U.S. astronauts discuss 'humbling experience' aboard SpaceX craft
NASA astronauts Bob Behnken and Doug Hurley returned to Earth after 2 months in space
Two U.S. astronauts who were the first to ride a commercial spacecraft to the International Space Station (ISS) and the first to make a splashdown landing in 45 years, shared their experiences with the media.
Bob Behnken and Doug Hurley blasted off to the International Space Station on May 30 aboard a SpaceX Falcon rocket. Their Crew Dragon capsule docked with the station on May 31.
The flight was a historic one for NASA. Not only was it the first commercial launch of a spacecraft with humans on board, but it also marked the first time U.S. astronauts had launched from U.S. soil in almost a decade.
"It's a humbling experience to be a part of what was accomplished with the SpaceX vehicle," Behnken said at a news conference on Tuesday. "It took years in the making, I think Doug and I were working at it for a solid five years to get to this point."
"It's a humbling experience to be a part of what was accomplished with the <a href="https://twitter.com/SpaceX?ref_src=twsrc%5Etfw">@SpaceX</a> vehicle." <a href="https://twitter.com/AstroBehnken?ref_src=twsrc%5Etfw">@AstroBehnken</a> comments on what it was like to realize five years of work into a successful launch and splashdown. <a href="https://twitter.com/hashtag/LaunchAmerica?src=hash&ref_src=twsrc%5Etfw">#LaunchAmerica</a> <a href="https://t.co/OYlWXaUwXB">pic.twitter.com/OYlWXaUwXB</a>—@NASA
Since the shuttle was retired in 2011, U.S. and Canadian astronauts have relied on the Russian space agency's tried-and-true Soyuz rockets to get to the ISS at a cost of nearly $80 million per seat.
On Sunday, the pair returned to Earth on the Crew Dragon, splashing down in the Gulf of Mexico, off the coast of Pensacola, Fla., while tropical storm Isaias churned off the east coast of the state.
"When it performed as expected, and we could check off those events, we were really comfortable coming through the atmosphere, even though it felt like we were inside of an animal," Behnken said.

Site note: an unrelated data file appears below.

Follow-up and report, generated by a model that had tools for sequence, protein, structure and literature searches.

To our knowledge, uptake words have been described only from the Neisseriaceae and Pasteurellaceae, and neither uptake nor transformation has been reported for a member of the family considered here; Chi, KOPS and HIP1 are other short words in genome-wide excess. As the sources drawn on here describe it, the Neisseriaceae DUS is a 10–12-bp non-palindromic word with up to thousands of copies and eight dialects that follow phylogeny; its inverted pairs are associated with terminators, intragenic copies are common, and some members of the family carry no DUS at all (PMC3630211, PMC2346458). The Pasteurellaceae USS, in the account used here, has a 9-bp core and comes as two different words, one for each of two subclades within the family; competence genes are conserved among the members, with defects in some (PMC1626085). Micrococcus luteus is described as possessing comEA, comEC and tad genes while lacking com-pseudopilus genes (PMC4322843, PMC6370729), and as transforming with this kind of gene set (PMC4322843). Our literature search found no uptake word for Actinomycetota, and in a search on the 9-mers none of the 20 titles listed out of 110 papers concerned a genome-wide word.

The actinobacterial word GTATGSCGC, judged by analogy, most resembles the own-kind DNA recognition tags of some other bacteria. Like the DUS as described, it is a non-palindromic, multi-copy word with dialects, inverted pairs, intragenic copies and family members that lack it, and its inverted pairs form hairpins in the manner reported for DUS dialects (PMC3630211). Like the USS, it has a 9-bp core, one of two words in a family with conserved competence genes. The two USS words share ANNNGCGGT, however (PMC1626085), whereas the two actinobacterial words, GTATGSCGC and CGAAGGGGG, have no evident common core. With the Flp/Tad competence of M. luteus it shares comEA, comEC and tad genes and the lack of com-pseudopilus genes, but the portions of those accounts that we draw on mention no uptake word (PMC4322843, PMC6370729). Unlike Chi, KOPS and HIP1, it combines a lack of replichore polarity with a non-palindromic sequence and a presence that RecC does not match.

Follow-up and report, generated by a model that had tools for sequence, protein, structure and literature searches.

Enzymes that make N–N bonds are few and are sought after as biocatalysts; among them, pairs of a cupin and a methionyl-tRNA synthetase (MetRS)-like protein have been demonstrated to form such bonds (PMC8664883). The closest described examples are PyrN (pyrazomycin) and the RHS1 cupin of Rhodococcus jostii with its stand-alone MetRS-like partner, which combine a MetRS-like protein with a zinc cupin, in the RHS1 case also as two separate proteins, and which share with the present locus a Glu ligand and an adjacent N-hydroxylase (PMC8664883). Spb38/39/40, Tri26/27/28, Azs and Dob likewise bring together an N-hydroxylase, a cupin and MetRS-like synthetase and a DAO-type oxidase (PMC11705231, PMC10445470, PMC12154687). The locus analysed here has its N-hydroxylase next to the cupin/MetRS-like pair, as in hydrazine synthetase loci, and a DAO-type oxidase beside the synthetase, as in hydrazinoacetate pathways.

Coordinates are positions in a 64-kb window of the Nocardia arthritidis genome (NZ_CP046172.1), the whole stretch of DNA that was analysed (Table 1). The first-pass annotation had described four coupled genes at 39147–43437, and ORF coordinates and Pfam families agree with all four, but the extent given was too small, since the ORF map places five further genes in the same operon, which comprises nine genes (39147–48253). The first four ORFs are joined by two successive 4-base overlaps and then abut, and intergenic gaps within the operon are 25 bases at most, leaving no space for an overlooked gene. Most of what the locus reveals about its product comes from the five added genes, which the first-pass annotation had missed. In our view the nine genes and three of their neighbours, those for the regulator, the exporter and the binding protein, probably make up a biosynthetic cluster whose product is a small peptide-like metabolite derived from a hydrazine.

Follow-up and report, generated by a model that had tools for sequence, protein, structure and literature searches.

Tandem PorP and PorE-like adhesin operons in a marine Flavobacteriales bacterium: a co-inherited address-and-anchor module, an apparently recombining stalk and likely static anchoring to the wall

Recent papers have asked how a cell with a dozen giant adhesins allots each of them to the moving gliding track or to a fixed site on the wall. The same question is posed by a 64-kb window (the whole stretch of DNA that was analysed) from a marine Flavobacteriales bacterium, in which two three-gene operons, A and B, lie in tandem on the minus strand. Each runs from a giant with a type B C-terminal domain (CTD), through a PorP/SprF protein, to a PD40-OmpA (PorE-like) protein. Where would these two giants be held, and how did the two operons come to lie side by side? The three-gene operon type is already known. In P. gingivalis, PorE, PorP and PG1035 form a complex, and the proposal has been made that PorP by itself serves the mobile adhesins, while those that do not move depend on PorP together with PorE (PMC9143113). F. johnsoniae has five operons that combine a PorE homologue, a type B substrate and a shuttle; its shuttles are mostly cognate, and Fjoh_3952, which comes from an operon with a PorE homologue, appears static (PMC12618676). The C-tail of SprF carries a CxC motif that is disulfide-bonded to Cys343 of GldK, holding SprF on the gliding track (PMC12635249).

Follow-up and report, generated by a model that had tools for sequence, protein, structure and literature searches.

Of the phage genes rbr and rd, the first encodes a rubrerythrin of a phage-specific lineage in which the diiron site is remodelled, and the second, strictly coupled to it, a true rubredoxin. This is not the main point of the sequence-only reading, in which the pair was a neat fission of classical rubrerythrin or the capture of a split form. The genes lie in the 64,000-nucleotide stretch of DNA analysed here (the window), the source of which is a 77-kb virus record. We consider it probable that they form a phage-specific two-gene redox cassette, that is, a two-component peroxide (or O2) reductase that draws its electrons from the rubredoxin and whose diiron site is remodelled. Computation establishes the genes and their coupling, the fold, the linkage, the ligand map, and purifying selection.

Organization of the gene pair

It was the first splashdown since 1975, following the Apollo-Soyuz test project between the Americans and the Soviet Union.
Jolts, noise, and quoting old movies — <a href="https://twitter.com/AstroBehnken?ref_src=twsrc%5Etfw">@AstroBehnken</a> explains what it was like to re-enter Earth's atmosphere inside the <a href="https://twitter.com/SpaceX?ref_src=twsrc%5Etfw">@SpaceX</a> Dragon Endeavour. <a href="https://twitter.com/hashtag/LaunchAmerica?src=hash&ref_src=twsrc%5Etfw">#LaunchAmerica</a> <a href="https://t.co/qOxVwGTYP9">pic.twitter.com/qOxVwGTYP9</a>—@NASA
Unlike the splashdown of Apollo capsules, Behnken and Hurley remained in their capsule until they were brought aboard the retrieval ship, Go Navigator.
This was SpaceX's Demo-2 flight, which tested the capabilities of the Crew Dragon.
The next step for NASA and SpaceX is to assess the performance of the spacecraft. If the review goes well, regular flights from U.S. soil with SpaceX could begin no earlier than the end of September.
"To just share in that journey, that odyssey, that endeavour — as we named our ship — was just one of the true honours of my entire life," Hurley said.
Meanwhile, Boeing, the other commercial company contracted to launch astronauts to the ISS, still needs to conduct a successful orbital test flight of its CST-Starliner. Last December, the uncrewed capsule failed to reach the station in its test launch.
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